In times of peace, after the Second World War, it was possible in any Western European country (including Portugal and Spain) to criticize or disagree openly with the government policies, even in authoritarian regimes. Nothing like the situation existed in Castro’s Cuba where denouncements and repression were always common currency, as for many years was the case in East Germany, Poland, Czechoslovakia and Hungary under Soviet Communism.
It is enough to take a look to “The Black Book on Communism: Crimes, Terror and Repression” to realize the totalitarian character of the Cuban government from the 1960`s to today. In that book (p. 29) Pius XI is quoted (“Quadragesimo Anno”):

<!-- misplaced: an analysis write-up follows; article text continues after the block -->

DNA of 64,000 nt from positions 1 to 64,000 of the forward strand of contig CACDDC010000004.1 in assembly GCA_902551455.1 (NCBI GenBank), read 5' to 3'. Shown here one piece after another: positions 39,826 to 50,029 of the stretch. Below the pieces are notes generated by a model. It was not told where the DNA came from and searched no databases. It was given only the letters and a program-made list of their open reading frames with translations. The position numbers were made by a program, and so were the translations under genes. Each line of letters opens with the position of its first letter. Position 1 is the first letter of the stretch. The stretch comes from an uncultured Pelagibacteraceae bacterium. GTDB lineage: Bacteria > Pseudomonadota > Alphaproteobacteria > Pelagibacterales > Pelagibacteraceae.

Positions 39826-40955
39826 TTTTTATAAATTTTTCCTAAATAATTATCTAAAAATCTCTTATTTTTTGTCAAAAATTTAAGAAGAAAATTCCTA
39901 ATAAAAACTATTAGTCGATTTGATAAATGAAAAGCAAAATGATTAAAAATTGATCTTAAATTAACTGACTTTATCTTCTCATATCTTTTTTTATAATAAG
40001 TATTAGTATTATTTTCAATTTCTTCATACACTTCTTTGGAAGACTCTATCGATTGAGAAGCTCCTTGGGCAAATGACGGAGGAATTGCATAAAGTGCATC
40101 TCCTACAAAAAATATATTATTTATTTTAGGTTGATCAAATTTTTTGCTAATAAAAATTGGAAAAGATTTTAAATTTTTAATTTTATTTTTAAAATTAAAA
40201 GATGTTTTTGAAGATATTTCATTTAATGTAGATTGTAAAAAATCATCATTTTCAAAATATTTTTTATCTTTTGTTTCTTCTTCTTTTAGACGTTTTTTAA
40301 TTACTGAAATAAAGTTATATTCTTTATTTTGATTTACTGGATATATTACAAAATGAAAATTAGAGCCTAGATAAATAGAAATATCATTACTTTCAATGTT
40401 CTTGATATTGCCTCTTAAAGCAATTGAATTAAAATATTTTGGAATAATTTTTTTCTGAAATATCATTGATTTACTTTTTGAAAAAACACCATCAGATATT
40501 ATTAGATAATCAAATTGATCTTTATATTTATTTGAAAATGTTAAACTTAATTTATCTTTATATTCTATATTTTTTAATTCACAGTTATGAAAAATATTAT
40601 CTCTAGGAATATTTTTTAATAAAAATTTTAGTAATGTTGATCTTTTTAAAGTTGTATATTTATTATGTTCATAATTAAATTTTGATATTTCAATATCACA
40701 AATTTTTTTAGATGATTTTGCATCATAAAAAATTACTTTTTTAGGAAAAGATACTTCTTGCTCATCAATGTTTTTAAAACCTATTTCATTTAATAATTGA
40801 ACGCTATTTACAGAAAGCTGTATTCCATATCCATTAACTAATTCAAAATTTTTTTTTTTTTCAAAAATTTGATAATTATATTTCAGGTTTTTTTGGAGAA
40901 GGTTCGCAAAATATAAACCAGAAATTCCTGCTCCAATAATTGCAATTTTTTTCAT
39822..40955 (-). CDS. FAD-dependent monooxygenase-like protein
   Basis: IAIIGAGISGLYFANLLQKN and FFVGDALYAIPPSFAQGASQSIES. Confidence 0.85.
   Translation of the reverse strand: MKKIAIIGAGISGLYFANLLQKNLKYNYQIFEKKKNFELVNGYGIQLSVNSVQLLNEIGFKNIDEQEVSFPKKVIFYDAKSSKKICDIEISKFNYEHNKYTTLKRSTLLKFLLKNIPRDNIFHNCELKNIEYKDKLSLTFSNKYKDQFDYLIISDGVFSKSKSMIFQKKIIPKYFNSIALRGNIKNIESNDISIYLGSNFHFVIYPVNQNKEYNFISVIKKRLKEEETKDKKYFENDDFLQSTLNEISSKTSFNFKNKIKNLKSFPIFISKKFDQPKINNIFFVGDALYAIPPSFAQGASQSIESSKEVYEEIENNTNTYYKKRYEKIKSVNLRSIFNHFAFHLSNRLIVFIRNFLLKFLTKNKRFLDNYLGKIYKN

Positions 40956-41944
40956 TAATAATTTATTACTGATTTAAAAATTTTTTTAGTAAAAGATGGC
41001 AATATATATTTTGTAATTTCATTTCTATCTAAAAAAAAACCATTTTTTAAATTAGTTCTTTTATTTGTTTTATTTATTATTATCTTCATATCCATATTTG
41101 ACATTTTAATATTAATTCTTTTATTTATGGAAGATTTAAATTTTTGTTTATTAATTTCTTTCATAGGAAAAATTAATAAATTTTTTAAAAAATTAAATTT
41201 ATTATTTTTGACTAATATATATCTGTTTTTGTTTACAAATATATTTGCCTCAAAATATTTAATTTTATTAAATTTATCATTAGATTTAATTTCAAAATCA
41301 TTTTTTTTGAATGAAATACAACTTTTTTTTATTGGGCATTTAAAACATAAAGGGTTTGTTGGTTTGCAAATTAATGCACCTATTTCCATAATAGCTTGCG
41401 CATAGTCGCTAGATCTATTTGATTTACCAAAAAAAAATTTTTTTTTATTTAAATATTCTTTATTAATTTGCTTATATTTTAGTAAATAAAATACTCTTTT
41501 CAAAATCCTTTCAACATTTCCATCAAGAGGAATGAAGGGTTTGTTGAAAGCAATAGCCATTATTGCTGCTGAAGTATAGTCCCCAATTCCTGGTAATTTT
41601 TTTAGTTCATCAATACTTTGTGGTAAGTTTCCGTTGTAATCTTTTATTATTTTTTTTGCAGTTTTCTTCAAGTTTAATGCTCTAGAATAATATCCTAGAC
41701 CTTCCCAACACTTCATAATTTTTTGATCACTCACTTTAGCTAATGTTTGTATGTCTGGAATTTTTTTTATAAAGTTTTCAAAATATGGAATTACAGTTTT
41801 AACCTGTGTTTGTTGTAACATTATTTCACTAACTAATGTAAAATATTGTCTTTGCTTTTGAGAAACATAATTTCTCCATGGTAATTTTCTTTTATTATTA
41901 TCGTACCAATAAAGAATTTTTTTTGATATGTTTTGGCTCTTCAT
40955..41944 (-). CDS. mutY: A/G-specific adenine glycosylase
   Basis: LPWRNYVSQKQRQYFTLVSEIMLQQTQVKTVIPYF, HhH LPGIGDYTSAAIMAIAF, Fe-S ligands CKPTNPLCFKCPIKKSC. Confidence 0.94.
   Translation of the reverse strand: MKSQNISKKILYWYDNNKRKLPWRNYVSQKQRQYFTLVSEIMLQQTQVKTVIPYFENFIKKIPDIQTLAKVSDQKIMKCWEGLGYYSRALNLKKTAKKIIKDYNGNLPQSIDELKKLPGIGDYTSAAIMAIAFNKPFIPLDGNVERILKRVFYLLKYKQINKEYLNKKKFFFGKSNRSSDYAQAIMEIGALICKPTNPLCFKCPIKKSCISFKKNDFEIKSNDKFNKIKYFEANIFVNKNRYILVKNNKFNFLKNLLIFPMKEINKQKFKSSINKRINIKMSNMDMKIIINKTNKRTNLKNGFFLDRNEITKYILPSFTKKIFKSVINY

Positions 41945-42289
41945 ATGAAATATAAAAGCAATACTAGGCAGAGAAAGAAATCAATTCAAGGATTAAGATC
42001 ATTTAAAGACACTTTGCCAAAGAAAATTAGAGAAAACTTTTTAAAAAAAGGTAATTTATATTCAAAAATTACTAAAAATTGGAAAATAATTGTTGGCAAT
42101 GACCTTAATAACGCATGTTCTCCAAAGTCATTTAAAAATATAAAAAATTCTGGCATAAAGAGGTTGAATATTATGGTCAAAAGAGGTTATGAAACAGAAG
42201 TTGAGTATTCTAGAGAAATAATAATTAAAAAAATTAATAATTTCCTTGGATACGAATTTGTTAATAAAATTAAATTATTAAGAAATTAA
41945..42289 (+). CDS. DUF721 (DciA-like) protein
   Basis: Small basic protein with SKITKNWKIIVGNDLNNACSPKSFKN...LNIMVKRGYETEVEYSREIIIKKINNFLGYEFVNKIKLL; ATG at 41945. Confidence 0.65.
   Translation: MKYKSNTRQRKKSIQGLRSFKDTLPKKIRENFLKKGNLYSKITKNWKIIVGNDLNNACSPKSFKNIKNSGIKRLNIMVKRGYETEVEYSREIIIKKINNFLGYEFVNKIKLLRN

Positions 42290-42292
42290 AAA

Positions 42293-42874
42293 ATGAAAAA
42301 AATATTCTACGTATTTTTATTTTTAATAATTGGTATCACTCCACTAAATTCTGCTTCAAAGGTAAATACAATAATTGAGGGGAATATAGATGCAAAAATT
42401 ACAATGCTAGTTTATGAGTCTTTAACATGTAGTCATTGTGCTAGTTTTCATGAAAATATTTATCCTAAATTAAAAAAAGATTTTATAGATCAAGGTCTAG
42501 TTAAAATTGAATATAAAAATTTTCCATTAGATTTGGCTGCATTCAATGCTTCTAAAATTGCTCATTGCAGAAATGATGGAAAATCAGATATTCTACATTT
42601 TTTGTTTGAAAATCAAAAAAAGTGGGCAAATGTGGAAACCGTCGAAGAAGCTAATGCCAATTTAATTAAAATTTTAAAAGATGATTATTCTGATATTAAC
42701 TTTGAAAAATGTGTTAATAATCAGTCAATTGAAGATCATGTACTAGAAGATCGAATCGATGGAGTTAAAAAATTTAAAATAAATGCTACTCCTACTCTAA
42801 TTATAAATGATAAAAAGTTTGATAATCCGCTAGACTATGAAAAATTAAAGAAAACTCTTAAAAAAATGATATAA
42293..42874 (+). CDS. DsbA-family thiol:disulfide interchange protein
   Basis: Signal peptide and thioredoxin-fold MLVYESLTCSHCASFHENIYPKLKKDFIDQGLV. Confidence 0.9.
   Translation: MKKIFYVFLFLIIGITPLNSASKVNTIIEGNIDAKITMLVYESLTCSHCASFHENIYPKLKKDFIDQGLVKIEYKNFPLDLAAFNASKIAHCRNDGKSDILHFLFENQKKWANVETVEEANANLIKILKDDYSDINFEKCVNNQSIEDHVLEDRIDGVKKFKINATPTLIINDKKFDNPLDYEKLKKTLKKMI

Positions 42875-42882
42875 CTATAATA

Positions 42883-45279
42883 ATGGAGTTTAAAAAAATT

Communism teaches and seeks two objectives: unrelenting class warfare and the complete eradication of private ownership. Not secretly by hidden methods does it to do this, but publicly, openly and by employing any means possible, even the most violent. To achieve these objectives there is nothing it is afraid to do, nothing for which it has respect or reverence. When it comes to power, it is ferocious in its cruelty and inhumanity. The horrible slaughter and destruction to which it has laid waste to vast regions of Eastern Europe and Asia give evidence of this.
(Let us ask respectfully: What does Pope Francis think of these words so applicable to Fidel Castro’s Cuba?)